The basics of business, Pt 1.

Business

Following on from a recent post on our social media platform here is the rest of the article.

Brand values are a way of reminding customers why they buy your products or services, and that`s essential to make your mark in a highly competitive modern world.

DYSON. Now there’s a brand, There was a time when all vacuum cleaners were known as “HOOVERS” but Sir James Dyson has swept that away.
It all started with his bag-less vacuum cleaners, which were instantly recognisable, then he moved on to other everyday products such as hand dryers that, incredibly, actually dried your hands instead of leaving the warm and damp.
This is a business dedicated to “solving problems others seem to ignore” – a philosophy that comes across clearly in everything Dyson produces, all their communication,
Their designs look and work differently to the norm, these brand values not only make Dyson stand out, but also create loyalty among its customers, in short, if you’re like their vacuum cleaner, you will love the hairdryer, air purifier and fan heaters…

So what, you may wonder, has this got to do with me and my business?

The answer is more than you think, it’s what makes the difference between a generic “me too” business and in that sets the standard, builds loyalty in its followings.
Lots of company’s make vacuum cleaners but only one makes Dyson.
And the same rules apply whether your in retail, wholesale, services or manufacturing.
Try not to fall into the trap of thinking that this is all about plastering your logo over every available surface. Of course, it’s important that people can recognise they are in the right place (under McDonald’s golden arches) or purchasing the latest gadget (with an Apple emblem ) that`s simply brand recognition.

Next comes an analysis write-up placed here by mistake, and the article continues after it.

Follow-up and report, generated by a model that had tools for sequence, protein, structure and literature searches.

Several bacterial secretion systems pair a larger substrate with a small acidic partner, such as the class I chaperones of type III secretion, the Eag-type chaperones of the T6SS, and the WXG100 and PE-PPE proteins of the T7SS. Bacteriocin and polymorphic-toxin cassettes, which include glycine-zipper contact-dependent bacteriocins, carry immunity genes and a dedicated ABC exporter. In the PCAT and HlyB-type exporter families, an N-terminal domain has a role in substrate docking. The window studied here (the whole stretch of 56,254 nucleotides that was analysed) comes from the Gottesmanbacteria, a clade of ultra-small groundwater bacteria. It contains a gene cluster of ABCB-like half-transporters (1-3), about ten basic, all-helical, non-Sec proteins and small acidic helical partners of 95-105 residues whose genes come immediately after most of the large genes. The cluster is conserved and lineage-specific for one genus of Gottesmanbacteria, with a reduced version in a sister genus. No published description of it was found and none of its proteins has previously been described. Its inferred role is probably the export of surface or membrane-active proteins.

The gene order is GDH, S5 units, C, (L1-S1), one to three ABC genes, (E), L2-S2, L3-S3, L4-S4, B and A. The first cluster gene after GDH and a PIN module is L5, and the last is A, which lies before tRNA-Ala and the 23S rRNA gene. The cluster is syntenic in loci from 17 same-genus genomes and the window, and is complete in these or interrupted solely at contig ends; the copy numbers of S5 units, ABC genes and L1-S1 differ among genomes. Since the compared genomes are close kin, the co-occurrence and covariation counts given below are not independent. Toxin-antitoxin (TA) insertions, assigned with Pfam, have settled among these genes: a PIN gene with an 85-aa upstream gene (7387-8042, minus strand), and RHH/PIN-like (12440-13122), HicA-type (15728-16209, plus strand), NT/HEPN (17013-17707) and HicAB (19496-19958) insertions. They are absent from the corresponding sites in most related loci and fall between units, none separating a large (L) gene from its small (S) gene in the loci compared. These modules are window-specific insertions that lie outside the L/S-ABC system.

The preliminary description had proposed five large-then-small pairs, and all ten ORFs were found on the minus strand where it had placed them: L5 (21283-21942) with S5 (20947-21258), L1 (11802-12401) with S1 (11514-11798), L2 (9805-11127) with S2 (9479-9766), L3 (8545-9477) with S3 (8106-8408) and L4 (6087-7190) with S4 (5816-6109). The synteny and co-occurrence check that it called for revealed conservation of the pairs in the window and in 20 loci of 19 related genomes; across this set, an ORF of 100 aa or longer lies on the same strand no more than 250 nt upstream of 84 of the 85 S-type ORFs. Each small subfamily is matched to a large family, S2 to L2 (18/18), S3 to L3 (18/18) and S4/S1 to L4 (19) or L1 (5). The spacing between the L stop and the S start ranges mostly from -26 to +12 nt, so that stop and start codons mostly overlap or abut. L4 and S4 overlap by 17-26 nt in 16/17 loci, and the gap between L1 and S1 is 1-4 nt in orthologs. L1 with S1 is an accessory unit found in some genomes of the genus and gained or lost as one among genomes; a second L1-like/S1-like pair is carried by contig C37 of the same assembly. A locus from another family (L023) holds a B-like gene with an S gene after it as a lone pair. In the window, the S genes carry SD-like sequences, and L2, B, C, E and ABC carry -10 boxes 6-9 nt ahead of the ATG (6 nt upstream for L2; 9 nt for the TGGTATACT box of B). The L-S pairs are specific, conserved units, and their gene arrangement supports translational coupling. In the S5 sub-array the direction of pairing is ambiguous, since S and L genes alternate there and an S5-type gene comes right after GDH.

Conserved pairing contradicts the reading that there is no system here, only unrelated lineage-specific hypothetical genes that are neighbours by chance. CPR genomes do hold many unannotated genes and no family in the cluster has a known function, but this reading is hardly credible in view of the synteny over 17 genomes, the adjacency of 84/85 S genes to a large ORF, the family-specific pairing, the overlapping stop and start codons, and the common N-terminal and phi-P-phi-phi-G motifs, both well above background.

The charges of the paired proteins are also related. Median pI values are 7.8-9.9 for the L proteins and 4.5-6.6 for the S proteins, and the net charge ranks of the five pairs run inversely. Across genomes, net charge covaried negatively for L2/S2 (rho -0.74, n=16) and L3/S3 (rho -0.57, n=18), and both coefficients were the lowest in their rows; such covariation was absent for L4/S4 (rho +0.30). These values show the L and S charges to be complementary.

Brand values are all about creating an emotional connection with the consumer.

I am fortunate to be near a distribution outlet for the “family” bread firm Warburtons.
Warburtons is one of Britain’s biggest bakers, it’s also a family-owned and run business, with a history going back some 140yrs.
“Family” features prominently in its advertising and all communications – this makes a huge corporation appear friendly, caring and approachable.
Head over to its website to see this in action, not only does this make it different from its main competitor (Allied Bakeries -which makes, Kingsmill and RHM which makes Hovis) it also creates an emotional connection with its customers.
When the customers see a Warburtons loaf on a shelf they`ll recognise it as the “Family bakers” and put it in their trolleys.

It is`not groundbreaking domestic appliance makers or “Family Bakers” who have Brand values – you can have them too …..

Chances are you haven’t as there are far more pressing daily distractions when you’re running a business. You have probably got a logo, website, maybe a Facebook and twitter page, you may even have Instagram and LinkedIn. Perhaps you go as far as to send out email newsletters, you might reasonably feel that you have your marketing sorted?
However, get the tone wrong and it will all fall on deaf ears.

All of Dysons marketing revolves around how technology makes your life easier. Everything looks and sounds hi-tech and based on cutting edge design.
At the other end of the spectrum, Warburtons is a bright, colourful, family-friendly and wholesome.
Heritage brands, like Barbour, use the traditional colours and language to underline their values.
These organisations understand and realise the benefits this brings to their business, and you can use the same techniques to engage with your customers, without spending huge amounts of time and money.

Ask the following questions of your business?

  • What is my style of business?? Technological, family orientated, heritage, or something else (sporty for example)
  • When writing content for my website, newsletters or social media, which tone will i use that my customers will respond to ? (scientific, friendly, traditional, high end)
  • Which colours should i use for my website newsletters, social media, graphics etc to convey my type of business? ( Neutral works well for tech, while bright and bold works for family and classic tones reflect heritage, Bright colours also imply sporty and high energy,.) If you have a showroom then colours are critical.


In simple terms, brand values are a way of reminding customers why they buy your products and services. And that’s essential in the highly competitive modern world, where other businesses will constantly try to temp customer away with offers and incentives.

Remember, a customer is for life, not just a marketing campaign.

Leave a Reply